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Trial Summaries

Recruitment Ends in ADOPT; Follow-up until 2006

Study Purpose:

ADOPT (A Diabetes Outcome Progression Trial) is a randomized, double-blind study to compare the durability of glucose lowering and the preservation of pancreatic beta-cell function of rosiglitazone monotherapy with metformin or glyburide/glibenclamide in patients with drug-naïve, recently-diagnosed type 2 diabetes mellitus.

ADOPT is testing the hypothesis that rosiglitazone preserves pancreatic beta-cell function better than other drugs used as first line therapy for type 2 diabetes mellitus, thus delaying or preventing deterioration in glycemic control. Pancreatic beta-cell function will be assessed by an oral glucose tolerance test.

Rosiglitazone is an insulin-sensitizing drug, a new class of drugs that help insulin to work better in patients with type 2 diabetes. Because of it insulin-sensitizing action, rosiglitazone may preserve pancreatic beta-cell function better than other first line drugs for type 2 diabetes mellitus.

Study Design:

Patients recently diagnosed (<2 years) with type 2 diabetes who were eligible and had no exclusions were asked to participate in ADOPT. A 4-week trial of diet/exercise was utilized to identify those patients who remain insufficiently controlled (FPG >=126mg/dL and <=180mg/dL [7-10 mmol/L]). Such patients were eligible to be randomized to one of three treatments: (1) rosiglitazone, (2) glyburide or glibenclamide, or (3) metformin. Treatment was double-blind and lasted for approximately four years or until monotherapy failure, i.e., when fasting plasma glucose was confirmed to be >180 mg/dL.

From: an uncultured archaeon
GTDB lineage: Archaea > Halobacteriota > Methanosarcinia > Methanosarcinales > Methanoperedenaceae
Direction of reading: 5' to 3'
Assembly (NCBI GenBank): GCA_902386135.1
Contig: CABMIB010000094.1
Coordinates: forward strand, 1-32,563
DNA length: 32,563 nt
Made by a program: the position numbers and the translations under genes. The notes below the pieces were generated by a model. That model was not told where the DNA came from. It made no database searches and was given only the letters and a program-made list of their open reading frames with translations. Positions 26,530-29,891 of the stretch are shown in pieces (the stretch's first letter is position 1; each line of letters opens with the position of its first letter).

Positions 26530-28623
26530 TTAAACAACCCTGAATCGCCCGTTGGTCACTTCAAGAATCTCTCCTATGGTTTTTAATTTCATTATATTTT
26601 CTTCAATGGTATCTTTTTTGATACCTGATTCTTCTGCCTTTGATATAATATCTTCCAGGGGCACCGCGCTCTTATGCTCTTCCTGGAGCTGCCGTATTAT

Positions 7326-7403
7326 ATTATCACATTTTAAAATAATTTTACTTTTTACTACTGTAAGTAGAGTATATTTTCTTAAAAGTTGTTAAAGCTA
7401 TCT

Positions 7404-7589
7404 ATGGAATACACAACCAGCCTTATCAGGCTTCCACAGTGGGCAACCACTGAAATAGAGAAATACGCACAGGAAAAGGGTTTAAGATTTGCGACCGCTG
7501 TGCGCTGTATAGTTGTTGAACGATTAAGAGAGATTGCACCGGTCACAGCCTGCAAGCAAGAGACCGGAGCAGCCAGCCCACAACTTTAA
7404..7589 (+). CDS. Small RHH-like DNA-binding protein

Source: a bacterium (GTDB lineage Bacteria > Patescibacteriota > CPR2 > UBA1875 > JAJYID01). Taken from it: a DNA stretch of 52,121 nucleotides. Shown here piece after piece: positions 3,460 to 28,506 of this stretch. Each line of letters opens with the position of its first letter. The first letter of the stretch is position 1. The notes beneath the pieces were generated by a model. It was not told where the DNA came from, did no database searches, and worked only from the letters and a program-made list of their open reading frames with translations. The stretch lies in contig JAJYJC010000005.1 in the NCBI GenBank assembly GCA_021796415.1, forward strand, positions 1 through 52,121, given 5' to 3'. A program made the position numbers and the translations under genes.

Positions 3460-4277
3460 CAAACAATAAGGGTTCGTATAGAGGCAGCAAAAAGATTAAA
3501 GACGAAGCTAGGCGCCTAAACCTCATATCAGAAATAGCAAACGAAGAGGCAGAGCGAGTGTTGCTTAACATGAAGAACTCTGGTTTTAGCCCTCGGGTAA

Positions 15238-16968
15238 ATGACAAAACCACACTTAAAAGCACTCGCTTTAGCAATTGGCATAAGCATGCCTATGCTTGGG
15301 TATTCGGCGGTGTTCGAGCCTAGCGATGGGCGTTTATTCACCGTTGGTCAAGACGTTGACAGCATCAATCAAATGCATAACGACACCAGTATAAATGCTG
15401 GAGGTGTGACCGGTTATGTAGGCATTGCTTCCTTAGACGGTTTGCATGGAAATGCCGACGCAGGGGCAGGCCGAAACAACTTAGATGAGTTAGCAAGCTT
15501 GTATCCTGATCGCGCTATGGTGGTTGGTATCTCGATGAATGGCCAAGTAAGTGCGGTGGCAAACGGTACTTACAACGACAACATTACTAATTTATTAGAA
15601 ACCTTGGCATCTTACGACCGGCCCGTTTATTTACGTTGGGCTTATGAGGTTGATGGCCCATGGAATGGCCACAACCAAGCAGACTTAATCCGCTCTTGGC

Study Subjects and Recruitment:

Men and women, aged 30-75 years with type 2 diabetes mellitus diagnosed <two years before screening and managed without drug therapy were eligible for further screening.  Patients who had fasting plasma glucose values between 126 and 240 mg/dL were eligible for a four-week run-in with life-style interventions (diet and exercise).  At the end of the run-in, participants who had fasting plasma glucose values between 126 and 180 mg/dL were eligible for randomization to one of the three drug limbs.  About 300 centers in North America and Europe participated In ADOPT with each trying to recruit 12 patients for a total of 3,600 patients.  To account for dropout rates, the recruitment numbers were increased to 4,182. Recruitment closed on June 28, 2002 with 4,380 randomized worldwide.  The Columbia-Cornell Clinical Trials Network did an outstanding job recruiting for ADOPT.  Five clinical sites in our network participated: Columbia University Health Sciences, Albert Einstein College of Medicine/Jacobi Hospital, Cooper Health Care System, Diabetes Care and Information Center of New York, and Cornell Internal Medicine Associates.  Together our five sites randomized 132 participants, more than twice their collective goal of 60 participants.  Columbia University Health Sciences and Albert Einstein/Jacobi Hospital ranked first and second worldwide in terms of recruitment with 45 and 39 participants, respectively.


Follow-up in ADOPT is expected to continue until about June 2006.




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